Foraging for Freedom with Nicki Lynne – Episode 016

Direct mp3 download.

Link to episode 16 on Libsyn.

This week on Homesteads and Homeschools, the Liberty Hippie welcomes Nicki Lynne to the show. Nicki is a mother of two and the curator and creator of Foraging for Freedom. Nicki is an author and homeschooling mother of two from Florida who does a bit of homesteading and is hoping to do even more in the future. During the show we talk about her experiences homeschooling and what they do on the homestead. We talk about how she manages to take her kids across country, plant vegetables, write countless words, and make it all educational. Go check out her books on amazon, and dig into all the content she produces on her website!

Nicki’s Links

After the show, the Liberty Hippie delves into some mycology stuff, and examines a few of the different uses for mycellium based projects from Ecovative Designs. (Unfortunately, in 2017, despite being concerned about climate change, Ecovative took a $9.1 million grant from the worlds largest producer of CO2, the US Dept. of Defense’s DARPA, but the technology is out there!) After talking mushrooms, again, the Liberty Hippie announces his participation in Agorafest 2020 along with today’s guest Nicki Lynne, Sherry Voluntary, Derrick Broze, and Gary Chatier. Stay tuned for more details.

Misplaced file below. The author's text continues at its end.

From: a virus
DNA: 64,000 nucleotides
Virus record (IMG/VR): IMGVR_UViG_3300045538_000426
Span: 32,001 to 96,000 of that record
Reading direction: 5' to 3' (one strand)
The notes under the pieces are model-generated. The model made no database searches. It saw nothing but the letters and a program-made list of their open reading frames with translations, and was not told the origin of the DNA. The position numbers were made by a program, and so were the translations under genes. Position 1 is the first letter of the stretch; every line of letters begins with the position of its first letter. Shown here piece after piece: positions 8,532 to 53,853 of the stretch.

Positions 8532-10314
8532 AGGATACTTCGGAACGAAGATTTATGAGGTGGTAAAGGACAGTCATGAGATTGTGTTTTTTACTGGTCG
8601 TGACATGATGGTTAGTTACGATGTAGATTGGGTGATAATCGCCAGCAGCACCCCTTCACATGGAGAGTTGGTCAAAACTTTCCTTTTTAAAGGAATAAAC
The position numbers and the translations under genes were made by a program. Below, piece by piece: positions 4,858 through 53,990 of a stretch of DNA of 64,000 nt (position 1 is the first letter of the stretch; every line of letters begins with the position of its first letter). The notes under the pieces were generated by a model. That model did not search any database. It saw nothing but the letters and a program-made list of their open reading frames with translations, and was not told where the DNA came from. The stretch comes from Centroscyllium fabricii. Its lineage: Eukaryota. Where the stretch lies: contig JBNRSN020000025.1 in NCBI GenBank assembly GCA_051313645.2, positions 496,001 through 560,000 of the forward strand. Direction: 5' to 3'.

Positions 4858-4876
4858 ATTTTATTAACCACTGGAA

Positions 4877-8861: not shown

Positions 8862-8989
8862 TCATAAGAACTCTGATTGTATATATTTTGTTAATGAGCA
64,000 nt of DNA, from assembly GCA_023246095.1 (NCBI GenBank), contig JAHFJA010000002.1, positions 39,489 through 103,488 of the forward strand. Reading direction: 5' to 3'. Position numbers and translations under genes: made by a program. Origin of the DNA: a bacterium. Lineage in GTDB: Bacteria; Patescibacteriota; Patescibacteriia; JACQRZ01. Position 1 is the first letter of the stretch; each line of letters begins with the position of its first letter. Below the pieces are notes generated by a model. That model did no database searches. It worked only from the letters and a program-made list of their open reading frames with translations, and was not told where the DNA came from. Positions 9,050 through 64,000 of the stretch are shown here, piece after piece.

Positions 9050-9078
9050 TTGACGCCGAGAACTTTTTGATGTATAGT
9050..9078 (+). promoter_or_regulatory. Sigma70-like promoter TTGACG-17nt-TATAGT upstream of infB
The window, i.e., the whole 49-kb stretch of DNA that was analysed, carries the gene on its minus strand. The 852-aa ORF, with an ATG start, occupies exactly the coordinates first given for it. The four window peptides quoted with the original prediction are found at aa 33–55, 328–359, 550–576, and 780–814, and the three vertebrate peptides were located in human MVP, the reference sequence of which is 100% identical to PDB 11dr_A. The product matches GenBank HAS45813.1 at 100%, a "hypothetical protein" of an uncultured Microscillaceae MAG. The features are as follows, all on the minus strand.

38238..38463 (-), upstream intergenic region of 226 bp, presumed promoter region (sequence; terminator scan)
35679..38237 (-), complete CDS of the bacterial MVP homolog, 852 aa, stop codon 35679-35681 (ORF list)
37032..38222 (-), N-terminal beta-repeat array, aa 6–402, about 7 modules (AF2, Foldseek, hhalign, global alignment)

Today’s Links

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Link to show notes for episode 15 with The Mt. Troll.

The Bottle Babies are Here!

A couple of weeks ago, we had the neighbors come over and show me how to stretch some woven wire fence. It wasn’t long after that we got our first goat, Cinnamon Sally. There’s no telling what she is, the vet we got her from called her a brush goat, so basically she’s a meat mutt. The first couple of days we had her, she was alone and sad. The books and such warn you that keeping a single goat is tough, and Cinnamon Sally proved them right. She was tough to get a hold of and was very untrustworthy, and on top of that, she was hardly eating despite having sweet feed and a couple acres of pasture. She was supposed to come with a buck, but unfortunately, the buck didn’t make it and so Cinnamon Sally came alone and we just had to hold on until the bottle babies were ready.

Cinnamon Sally
This past weekend we were able to make the 2.5 hour trek (one way) to pick up two more bottle babies, Paige and Rosey. They were three weeks old when we got them, and need to be fed four times a day; thankfully, we’ve been able to use this as a learning experience for the kids and feeding the goats has become their job.

Bottle Baby 1
I will admit, I had no idea what to expect when they first came, but I learned quickly: goats are loud, and they get angry! The other night I went out to do some weeding in the garden and feed the chickens, well, the goats heard me. At first they came over to the corner of their pasture and did some maa’ing at me. When I didn’t respond, they got louder, and the maa’s were almost tinged with a bit of distress, but when I continued to ignore them, their maa’s became angry and petulant.

Paige 1
They have quite the personalities, and while we don’t plan on eating these particular goats, I can already say for certain, that butchering any future kids is going to be a tough job.